Decision time is drawing closer on the future of nuclear power in the United Kingdom.  While the majority of the current set of reactors have a decade or more life left in them, the lead-time to build a replacement means that a decision will have to be taken soon.  Nuclear power is considered a 'clean' option compared to the traditional fossil fuels as they do not produce CO2 emissions and are, in that sense, "environmentally friendly".

Finland, one of the countries worst affected by the Chernobyl disaster, has recently commissioned their first reactor since the accident, proving that even a particularly wary and traditionally environmentalist nation can be persuaded of the merits of the nuclear option.  Key to winning that battle was dealing with the long-term disposal of waste.  In this case, by deep and intermediate level underground storage.  Even the Green party supported the plans in the Finnish Parliament proving solutions can be found. 

The issue of the disposal of nuclear waste has an increased importance in Scotland, with the First Minister opposed to any new nuclear power stations in Scotland until an answer has been found to this problem.  Their coalition partners, the Liberal Democrats, have taken an even stronger line on the issue.  2007 will see the next Scottish Parliamentary elections.  At that point, the nuclear issue is certain to play an important role. 

Whilst energy policy is a matter reserved to the UK Parliament, and therefore the Scottish Parliament cannot, in theory, prevent the building of a nuclear power station, planning matters have been devolved and are ultimately determined by the Scottish Ministers.  Planning consent for construction will be determined in Scotland and it is by that means that the Parliament could prevent the construction of a nuclear power station in Scotland.  That would place Holyrood and Westminster on a collision course: could the nuclear issue really lead to a constitutional meltdown? 

Ultimately, Westminster could bypass the Scottish Parliament, ironically referred to as 'the nuclear option' by constitutional lawyers!  It is politically inconceivable that it would come to that, as the bottom line is that over a third of energy generated in Scotland is from nuclear power plants and that will have to be replaced once the existing stations are decommissioned.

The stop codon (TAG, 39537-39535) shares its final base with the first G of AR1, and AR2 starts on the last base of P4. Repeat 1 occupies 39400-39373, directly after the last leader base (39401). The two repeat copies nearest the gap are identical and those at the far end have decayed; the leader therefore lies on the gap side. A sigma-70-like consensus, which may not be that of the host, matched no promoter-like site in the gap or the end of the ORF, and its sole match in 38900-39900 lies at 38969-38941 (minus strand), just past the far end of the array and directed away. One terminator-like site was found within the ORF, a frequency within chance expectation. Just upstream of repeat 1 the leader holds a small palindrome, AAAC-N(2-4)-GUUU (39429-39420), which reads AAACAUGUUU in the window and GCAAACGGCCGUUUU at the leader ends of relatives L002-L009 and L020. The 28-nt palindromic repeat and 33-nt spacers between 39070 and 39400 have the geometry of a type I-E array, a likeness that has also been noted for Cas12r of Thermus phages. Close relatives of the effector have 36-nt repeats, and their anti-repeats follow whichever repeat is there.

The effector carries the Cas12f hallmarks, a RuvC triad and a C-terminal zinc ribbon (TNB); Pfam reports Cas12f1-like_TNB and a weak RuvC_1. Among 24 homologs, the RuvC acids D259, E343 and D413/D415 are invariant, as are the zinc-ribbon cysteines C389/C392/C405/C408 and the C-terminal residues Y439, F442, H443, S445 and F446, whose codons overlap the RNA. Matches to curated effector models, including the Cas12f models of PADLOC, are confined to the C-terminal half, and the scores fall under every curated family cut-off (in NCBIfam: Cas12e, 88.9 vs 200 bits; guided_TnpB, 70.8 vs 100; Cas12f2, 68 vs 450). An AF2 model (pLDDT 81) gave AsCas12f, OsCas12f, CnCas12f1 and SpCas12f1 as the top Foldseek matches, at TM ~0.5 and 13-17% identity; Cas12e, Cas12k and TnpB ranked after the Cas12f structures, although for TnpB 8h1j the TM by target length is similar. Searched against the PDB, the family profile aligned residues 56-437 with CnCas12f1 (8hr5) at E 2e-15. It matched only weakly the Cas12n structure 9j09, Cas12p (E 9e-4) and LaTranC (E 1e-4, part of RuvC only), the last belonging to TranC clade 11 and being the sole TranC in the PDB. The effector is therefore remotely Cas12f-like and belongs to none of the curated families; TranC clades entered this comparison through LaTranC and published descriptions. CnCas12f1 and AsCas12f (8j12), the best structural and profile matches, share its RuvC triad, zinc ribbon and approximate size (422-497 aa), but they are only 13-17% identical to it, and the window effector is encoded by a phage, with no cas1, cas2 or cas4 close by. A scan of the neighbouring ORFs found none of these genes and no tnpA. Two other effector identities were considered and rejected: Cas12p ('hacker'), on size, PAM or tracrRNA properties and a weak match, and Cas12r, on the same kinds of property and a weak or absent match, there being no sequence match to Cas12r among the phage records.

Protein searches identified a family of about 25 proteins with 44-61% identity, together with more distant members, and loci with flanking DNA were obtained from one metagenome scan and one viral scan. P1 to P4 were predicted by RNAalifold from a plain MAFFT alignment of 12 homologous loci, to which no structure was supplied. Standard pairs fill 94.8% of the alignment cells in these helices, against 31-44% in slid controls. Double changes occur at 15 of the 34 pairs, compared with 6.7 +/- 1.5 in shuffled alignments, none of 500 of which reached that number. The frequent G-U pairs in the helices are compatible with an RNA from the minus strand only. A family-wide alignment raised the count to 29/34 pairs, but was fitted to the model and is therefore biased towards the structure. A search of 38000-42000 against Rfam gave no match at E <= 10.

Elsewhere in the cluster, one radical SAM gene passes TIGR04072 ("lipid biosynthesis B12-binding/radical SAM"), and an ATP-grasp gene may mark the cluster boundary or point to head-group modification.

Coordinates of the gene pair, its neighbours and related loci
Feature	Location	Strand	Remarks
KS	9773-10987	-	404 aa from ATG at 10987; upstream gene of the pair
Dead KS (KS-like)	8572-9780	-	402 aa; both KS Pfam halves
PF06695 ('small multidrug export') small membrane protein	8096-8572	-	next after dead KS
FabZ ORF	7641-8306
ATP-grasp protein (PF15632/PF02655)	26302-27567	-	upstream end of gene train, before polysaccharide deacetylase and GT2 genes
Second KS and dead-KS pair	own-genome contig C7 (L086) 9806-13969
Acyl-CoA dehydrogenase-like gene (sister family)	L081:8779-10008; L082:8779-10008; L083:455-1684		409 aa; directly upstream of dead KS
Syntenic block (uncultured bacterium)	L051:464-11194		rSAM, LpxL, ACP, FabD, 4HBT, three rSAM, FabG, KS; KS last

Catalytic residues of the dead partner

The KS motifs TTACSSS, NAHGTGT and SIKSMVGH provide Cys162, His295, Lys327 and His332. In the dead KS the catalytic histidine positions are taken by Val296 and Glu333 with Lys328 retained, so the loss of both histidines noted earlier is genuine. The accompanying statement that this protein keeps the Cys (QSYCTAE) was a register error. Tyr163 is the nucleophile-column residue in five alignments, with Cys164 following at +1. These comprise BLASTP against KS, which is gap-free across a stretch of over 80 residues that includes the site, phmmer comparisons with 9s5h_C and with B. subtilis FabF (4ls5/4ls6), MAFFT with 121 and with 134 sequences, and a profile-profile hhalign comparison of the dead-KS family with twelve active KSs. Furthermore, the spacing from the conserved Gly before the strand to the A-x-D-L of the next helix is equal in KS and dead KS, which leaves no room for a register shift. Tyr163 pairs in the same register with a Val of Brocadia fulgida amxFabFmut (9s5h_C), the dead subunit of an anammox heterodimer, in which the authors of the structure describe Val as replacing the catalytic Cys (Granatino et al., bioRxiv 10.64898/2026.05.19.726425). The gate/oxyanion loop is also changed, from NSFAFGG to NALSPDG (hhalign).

While there is a domestic battle to be fought and won on the merits of replacing our current fleet of nuclear power plants, there is also a European dimension.  The Prime Minister recently spoke, in an address to the European Parliament, of the need for Europe to co-ordinate their energy policies and adopt a unified stance on the development of nuclear power.  He wanted to see Europe move away from the "haphazard and random" way in which energy needs and priorities have been determined in the past.  However, while the UK looks set to go down a nuclear route, in Germany the SPD, who have retained the Environment Ministry under the 'Grand coalition', has restated its commitment to phase out all nuclear plants in Germany by 2020, notwithstanding calls from the leading utilities not to rule out any one source of energy on "ideological grounds".

As the UK seeks to address its energy demands for the decades ahead, there are some tough decisions to be made and hard battles to fight, both at the UK level, in Scotland and in Europe. The Trade and Industry Secretary stressed in his evidence to the Environmental Audit Committee that the current review was an Energy Review, not a Nuclear Review and that what was being considered was the mix of energy supply: renewables, clean coal technologies, oil and gas and nuclear.  In the decades ahead, the "base load" energy we currently derive from nuclear power will have to be replaced in some way, even if it is much of the same. 

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